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Why Chairs Matter

Richard Yeh / WNYC

Staff writer Cecilia Gerber gives her insight into the world of ‘manspreading’ and chairs through Sarah Lucas’s recent exhibition at TATE Britain.

In 2015 ‘Manspreading,’ was added to the online Oxford dictionary. Given how deeply ingrained this word is in our lives, reiterating its definition would be unnecessary. For many, this phenomenon becomes more relevant when using public transport. After a long workday, you rush onto your carriage to find yourself a comfortable, padded and free seat, waiting for you. You sit down and make yourself at home. Suddenly, the space in which your knees rest is infringed by the invasive manspread. To manspread back, in retaliation as a woman is simply out of the question. For starters, women’s clothes rarely even permit this. Either our trousers are too tight, or our skirt is too short or there is that pesky ladder in our stockings. Then there is the weighted statement that governs society, that polite women ‘shut their legs,’ otherwise suggesting promiscuity. Suddenly, with a little more thought, the ugly patterned Elizabeth line chair you sat on has taken on a powerful and slightly disturbing meaning.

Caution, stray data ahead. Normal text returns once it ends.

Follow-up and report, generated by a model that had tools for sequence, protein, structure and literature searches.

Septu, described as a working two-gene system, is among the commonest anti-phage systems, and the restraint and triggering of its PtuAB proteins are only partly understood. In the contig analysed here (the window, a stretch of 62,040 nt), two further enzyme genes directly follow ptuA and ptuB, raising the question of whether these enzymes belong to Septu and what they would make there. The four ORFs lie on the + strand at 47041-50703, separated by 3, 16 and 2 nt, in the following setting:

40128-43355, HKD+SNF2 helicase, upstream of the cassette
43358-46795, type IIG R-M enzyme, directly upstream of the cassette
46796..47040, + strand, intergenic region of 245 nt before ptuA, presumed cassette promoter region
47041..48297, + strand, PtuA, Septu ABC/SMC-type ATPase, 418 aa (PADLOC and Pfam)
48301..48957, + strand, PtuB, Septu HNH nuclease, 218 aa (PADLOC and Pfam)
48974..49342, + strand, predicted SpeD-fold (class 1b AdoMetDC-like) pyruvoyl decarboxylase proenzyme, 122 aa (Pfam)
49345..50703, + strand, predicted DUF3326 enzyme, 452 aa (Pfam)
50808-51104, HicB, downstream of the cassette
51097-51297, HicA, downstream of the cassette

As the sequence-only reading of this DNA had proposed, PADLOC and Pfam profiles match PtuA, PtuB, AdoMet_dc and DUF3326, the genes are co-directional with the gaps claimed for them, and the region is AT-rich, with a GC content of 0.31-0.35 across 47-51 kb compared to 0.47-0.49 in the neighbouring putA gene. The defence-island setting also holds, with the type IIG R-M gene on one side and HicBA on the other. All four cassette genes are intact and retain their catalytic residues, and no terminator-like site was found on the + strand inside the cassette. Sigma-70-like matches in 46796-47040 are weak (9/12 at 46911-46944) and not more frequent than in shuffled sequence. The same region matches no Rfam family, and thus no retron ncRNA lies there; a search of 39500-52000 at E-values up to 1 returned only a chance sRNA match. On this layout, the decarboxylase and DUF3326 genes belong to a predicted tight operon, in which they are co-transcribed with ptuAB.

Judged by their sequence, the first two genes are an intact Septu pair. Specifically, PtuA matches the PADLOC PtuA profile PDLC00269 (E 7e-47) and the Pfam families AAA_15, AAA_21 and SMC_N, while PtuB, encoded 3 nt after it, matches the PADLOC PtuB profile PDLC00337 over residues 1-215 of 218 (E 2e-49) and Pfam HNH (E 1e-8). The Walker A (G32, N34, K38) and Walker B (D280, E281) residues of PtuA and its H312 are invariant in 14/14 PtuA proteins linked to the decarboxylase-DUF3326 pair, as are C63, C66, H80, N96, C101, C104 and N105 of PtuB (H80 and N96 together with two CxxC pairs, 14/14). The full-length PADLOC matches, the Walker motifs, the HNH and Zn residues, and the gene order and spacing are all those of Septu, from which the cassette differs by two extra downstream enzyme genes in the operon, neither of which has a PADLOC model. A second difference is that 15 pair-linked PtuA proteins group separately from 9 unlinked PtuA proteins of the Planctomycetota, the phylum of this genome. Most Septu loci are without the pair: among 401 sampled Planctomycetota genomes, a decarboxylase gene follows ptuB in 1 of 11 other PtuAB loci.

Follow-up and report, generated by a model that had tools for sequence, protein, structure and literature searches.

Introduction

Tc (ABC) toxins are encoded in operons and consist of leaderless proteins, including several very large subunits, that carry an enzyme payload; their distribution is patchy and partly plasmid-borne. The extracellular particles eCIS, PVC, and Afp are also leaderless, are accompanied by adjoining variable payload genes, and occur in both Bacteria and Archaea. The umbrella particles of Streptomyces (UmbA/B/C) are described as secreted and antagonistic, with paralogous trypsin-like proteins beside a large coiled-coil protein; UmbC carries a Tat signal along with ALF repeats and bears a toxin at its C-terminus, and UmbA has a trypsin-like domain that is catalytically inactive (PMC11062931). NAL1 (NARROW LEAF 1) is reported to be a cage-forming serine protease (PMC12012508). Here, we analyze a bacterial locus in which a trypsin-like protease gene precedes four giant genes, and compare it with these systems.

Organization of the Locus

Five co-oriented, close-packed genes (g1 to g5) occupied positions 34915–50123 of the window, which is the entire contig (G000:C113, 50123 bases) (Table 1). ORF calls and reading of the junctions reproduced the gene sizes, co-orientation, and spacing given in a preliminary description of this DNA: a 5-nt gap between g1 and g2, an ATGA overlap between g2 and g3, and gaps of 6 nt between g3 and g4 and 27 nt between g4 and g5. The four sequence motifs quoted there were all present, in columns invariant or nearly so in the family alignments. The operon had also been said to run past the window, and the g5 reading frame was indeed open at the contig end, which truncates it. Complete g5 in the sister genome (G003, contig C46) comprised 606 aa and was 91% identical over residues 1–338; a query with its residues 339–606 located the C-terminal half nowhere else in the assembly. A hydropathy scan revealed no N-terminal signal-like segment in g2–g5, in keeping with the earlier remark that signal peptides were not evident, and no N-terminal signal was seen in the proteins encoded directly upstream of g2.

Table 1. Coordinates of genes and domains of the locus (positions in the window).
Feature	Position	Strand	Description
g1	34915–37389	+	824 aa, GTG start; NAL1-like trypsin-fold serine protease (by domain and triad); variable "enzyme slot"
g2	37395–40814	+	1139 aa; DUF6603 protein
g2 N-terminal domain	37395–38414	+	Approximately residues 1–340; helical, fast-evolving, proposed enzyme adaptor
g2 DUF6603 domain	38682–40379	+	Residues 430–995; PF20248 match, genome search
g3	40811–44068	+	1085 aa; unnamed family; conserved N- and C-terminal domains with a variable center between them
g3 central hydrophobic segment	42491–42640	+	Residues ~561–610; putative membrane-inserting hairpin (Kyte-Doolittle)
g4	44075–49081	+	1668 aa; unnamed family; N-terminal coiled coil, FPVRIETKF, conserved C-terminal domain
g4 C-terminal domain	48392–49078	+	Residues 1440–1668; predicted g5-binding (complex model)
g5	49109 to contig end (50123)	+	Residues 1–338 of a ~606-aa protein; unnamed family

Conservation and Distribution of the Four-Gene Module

This brings me to the artist Sarah Lucas. I first discovered her at sixteen, when studying photography. It was her photo Self Portrait With Fried Eggs, that snagged my attention. She sits, with her legs far apart staring directly into the camera with two eggs placed on her chest. It was unnerving, confrontational, but most of all it was amusing. It was my first venture into a world of feminism in which we, the viewer can laugh along with the artist. And most importantly, she was rewriting the way in which a woman is allowed to sit.

It was one of her earliest pieces of work, in the 1990s when she was part of the Young British Artists group along with artists like Damien Hirst and Tracy Emin. Her ‘subversion to social realism points to what is both laughable and demeaning about class and gender stereotypes.’ Driven by intrigue of the underlying misogyny in modern British life, Lucas’s work plays with what has begun to cement itself as normal; the swearwords and banter flung around by rowdy men, or the shocking content of tabloids.